6Residency Why is residency important? A resident of Canada pays tax in Canada on his or her world income.You must be a resident of Canada to be eligible for social benefits (GSTC and CCTB).A resident of Canada can claim all deductions and credits that apply to them to reduce their tax.It is important to understand that when you become a resident for tax purposes in Canada you are taxed on your world income. This means amounts you earn from all sources including income from outside Canada.If you are a resident of Canada, you may be eligible for the goods and services/harmonized sales tax credit and/or Canada Child Tax Benefit payments in the year you became a resident of Canada.When you become a resident of Canada there are many deductions and tax credits that, if they apply to you, you can claim to reduce the amount of tax you must pay.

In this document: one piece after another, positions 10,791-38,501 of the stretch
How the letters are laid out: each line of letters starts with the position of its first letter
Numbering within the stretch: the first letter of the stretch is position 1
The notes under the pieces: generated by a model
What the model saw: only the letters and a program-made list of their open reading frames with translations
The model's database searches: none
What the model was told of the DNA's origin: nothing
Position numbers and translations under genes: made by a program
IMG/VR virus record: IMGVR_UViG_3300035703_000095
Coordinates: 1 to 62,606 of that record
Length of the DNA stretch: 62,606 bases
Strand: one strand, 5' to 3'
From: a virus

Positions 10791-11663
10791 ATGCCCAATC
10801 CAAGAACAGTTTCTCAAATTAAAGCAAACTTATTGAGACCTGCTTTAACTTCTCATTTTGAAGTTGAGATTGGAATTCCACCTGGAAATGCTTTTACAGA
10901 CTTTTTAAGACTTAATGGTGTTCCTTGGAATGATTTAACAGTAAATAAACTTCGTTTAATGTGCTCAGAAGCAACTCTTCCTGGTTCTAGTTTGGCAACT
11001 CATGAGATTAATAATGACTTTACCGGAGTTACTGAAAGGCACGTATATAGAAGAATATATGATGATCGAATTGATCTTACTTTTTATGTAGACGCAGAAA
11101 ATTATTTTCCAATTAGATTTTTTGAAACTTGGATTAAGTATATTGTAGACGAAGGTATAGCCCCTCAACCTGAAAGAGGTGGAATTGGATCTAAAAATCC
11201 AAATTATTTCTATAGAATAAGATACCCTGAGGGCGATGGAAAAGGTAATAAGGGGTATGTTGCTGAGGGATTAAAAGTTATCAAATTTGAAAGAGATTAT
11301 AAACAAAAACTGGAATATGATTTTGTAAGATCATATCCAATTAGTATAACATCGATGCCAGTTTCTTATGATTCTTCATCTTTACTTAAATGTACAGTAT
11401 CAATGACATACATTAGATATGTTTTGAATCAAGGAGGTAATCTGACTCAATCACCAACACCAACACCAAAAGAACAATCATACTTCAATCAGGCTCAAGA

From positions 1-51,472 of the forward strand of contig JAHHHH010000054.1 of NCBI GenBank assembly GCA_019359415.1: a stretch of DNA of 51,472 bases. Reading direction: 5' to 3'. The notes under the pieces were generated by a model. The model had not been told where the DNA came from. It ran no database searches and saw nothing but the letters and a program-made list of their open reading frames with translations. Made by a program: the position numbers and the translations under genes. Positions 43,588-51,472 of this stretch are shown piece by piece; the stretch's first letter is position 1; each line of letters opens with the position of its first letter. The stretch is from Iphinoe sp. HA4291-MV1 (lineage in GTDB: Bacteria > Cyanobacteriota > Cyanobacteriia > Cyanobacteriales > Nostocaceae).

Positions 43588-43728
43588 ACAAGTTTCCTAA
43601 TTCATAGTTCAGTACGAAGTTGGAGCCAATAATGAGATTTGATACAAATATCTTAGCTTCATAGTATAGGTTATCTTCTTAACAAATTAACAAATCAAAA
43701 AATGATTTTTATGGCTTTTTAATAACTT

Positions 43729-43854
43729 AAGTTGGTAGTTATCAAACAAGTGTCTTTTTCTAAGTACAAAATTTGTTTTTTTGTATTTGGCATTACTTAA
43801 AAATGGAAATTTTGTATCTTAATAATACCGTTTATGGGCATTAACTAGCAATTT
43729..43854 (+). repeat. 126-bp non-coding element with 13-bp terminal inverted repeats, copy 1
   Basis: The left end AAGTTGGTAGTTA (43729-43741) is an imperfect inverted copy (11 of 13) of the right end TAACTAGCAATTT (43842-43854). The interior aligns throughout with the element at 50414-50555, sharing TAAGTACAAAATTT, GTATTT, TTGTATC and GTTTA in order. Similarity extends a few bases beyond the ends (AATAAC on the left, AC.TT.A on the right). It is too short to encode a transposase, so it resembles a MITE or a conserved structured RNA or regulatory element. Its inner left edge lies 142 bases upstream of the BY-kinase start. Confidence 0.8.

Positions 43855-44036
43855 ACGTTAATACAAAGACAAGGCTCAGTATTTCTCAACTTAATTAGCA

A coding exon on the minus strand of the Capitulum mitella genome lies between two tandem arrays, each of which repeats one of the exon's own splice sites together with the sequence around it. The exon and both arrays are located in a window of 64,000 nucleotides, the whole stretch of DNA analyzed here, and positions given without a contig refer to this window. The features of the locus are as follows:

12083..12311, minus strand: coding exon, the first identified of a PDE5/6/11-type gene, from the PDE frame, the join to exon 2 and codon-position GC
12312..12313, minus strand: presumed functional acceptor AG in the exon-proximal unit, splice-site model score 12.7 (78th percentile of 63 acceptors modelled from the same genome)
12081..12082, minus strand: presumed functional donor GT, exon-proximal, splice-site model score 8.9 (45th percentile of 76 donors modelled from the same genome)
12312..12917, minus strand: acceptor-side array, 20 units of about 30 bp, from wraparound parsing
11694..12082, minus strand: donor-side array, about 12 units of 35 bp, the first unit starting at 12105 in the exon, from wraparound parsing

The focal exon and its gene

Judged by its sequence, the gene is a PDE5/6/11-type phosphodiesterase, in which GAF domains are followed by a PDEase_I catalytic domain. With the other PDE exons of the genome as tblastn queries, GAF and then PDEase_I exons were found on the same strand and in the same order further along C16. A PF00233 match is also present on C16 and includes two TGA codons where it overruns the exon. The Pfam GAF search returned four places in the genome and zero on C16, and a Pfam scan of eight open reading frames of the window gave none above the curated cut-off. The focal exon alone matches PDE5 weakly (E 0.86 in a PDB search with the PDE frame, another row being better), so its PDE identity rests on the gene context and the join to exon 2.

7Residency Status Resident Non-Resident Deemed Resident Deemed Non-ResidentThere a four types of residency. However, most of you will fall under the first category.We will explain the different types of residency status as we go along.
8Resident of CanadaAn individual who enters Canada and who has established significant residential ties with Canada.Resident’s of Canada are taxable on their world income from the date they become resident.Here’s an example of a resident:Mr. Lebrun has left France to study in Canada for approximately 4 years. He has brought all of his belongings from France. He has been renting an apartment in Canada, has purchased furniture, opened a bank account, obtained his driver’s license, medical coverage, and established a normal routine of life.Mr. Lebrun would be viewed as a resident of Canada as he has established significant residential ties with Canada.